Coupling a generative adversarial network with image quilting to produce basin-scale realizations of fluvial stratigraphy.

This was a project that began out of an interest to educate myself on machine learning topics, in association with a class I organized. The project goal was to explore subsurface uncertainty quantification through the use of GANs, and it is meant to be an exploratory analysis and thought experiment. I have decided to open source the project so that it is available as part of my professional portfolio.

This post contains some brief explanation of the model, but omits a lot of detail.
I hope to detail the model in a manuscript in the future.

The GitHub repository with the complete code can be found here!


Subsurface reservoir size estimates involve considerable uncertainty, which impacts the quality of reserve size and valuation models. Conventional rules-based and process-based numerical models are useful to model this uncertainty, but involve simplifying assumptions about depositional environments and reservoir geology that may be poorly constrained. Generative adversarial neural networks (GANs) are a machine learning model that is optimized to produce synthetic data that are indistinguishable from an arbitrary training dataset, and are an attractive tool for modeling subsurface reservoirs. We have developed a generative adversarial network that is trained on laboratory experimental stratigraphy and produces realizations of basin-scale reservoir geology, while honoring ground-truth well log data. In this way, StratGAN reduces subsurface uncertainty through a large sampling of realistic potential rock geometries throughout a reservoir, without any a priori assumptions about the geology. StratGAN couples a deep-convolutional generative adversarial network (DCGAN) with an image quilting algorithm to scale up channel-scale realizations of reservoir geometries to basin-scale realizations.

Model description

The model is a deep-convolutional generative adversarial network (DCGAN) that has been trained on laboratory experiment data. I use custom tensorflow implementations of convolutional layers and dense layers, which include my flexible batch normalization operation. The GAN is trained on patches cropped out of slices from the Tulane Delta Basin 10-1 experiment. Each of 6 slices was treated as separate categorical labels and fed into the GAN as a one-hot label vector.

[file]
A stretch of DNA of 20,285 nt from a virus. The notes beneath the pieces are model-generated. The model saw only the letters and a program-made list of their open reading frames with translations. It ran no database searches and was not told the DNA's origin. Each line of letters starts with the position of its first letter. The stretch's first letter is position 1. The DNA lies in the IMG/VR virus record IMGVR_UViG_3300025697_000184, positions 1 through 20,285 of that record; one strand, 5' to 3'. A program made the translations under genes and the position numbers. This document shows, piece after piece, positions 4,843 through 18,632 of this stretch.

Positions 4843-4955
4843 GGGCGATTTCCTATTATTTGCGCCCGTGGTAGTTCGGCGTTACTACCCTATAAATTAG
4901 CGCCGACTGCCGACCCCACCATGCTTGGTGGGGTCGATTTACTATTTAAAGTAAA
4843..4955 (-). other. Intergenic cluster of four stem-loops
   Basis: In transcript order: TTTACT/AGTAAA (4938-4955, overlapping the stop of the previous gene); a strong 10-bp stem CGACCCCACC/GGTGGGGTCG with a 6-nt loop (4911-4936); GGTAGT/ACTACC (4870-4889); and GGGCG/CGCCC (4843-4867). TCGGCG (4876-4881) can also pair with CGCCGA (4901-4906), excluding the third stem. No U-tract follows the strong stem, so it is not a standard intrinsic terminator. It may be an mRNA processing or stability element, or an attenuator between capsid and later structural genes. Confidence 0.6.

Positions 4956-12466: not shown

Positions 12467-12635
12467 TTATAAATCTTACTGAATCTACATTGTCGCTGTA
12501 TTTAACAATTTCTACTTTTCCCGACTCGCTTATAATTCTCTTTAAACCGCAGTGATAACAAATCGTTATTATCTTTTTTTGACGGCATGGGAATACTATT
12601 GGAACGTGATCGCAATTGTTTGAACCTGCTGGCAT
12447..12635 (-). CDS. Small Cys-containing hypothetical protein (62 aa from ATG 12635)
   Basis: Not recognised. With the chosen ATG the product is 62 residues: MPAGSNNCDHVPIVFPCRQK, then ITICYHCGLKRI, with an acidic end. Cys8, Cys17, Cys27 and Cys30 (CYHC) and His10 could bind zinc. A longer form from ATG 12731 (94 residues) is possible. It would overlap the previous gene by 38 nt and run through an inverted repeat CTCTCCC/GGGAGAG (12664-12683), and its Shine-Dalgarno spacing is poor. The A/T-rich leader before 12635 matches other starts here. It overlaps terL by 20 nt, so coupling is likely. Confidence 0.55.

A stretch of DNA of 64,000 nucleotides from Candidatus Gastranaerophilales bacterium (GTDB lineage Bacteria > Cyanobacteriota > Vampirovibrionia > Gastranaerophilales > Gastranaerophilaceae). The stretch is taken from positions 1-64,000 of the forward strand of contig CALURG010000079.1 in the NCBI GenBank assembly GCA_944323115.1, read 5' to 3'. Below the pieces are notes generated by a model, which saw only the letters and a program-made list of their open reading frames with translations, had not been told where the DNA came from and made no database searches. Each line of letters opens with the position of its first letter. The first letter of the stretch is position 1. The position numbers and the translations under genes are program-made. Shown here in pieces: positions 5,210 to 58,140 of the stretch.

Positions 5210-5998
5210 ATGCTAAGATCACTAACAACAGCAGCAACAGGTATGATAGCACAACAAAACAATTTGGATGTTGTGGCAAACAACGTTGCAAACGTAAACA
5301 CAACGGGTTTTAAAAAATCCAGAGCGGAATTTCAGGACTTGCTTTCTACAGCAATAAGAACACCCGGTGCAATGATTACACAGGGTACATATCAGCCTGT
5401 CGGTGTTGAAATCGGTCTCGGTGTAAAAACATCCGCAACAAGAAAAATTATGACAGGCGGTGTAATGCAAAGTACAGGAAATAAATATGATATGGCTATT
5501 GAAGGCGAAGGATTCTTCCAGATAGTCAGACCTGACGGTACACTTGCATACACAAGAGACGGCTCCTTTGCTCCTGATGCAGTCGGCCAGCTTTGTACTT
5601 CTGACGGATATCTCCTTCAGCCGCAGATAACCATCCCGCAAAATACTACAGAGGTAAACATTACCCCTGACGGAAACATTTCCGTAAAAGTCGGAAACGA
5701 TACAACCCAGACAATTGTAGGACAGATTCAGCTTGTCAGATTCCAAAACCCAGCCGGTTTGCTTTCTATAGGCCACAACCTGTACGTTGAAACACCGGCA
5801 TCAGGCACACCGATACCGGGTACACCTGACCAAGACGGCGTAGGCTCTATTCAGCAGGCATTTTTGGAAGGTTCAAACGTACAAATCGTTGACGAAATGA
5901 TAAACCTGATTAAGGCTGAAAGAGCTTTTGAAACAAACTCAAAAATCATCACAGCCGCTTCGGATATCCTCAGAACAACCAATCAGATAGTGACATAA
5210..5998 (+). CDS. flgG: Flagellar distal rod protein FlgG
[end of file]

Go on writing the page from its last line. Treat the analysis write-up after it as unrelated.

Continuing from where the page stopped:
Figure 1: example of slice from Tulane Delta Basin experiment that was cropped to produce training data. Red box is approximate size of cropped training image. Note that this image shows only a small part of the slice.

Demonstration of workflow

Patches from the GAN are at approximately the channel scale, where black pixels represent channel, and white is non-channel.

Figure 2: patch realization from the trained GAN.

I have implemented Efros-Freeman minimum-cost-boundary image quilting, which stiches together the patches from the GAN (channel scale) to make a single realization at the basin scale. The patches fed to the E-F algorithm are optimized via conditional inpainting methods (e.g., Dupont et al., 2018) to match along the quilting overlap, as well as at any ground-truth data (e.g., cores).

Together, this method optimizes for the best patch possible, then identifies the best path for cut-and-pasting in the image quilting stage.
I have produced routines to include ground-truth data in the basin scale realizations, such as vertical core-logs that record channel and non-channel intervals.

Figure 3: Example of ground-truthed realization. Similar to image at top of page, but has coarser intervals of channel bodies in the core logs. This demonstrates the variability of realizations from the model.

We can produce an ensemble of ~100 realizations from the model, and average the samples to produce a static image, quantifying the expected probability of reservoir presence at any location.

Figure 4: Ensemble average realization for bottom panel in Figure 3, darker color indicates higher probability of reservoir presence.

Going one step further, we can query the size of the reservoir connected to a specific channel interval in a core log (red dashed line in Figure 4).
This analysis gives a low-side-high-side estimate of reservoir size.

Figure 4: Quantification of probability of reservoir size at red dashed box in Figure 4. We can quantify p10, p50, p90 estimates to give a low-side-high-side estimate of reservoir size.

The model is a proof-of-concept for using GANs in subsurface uncertainty quantification.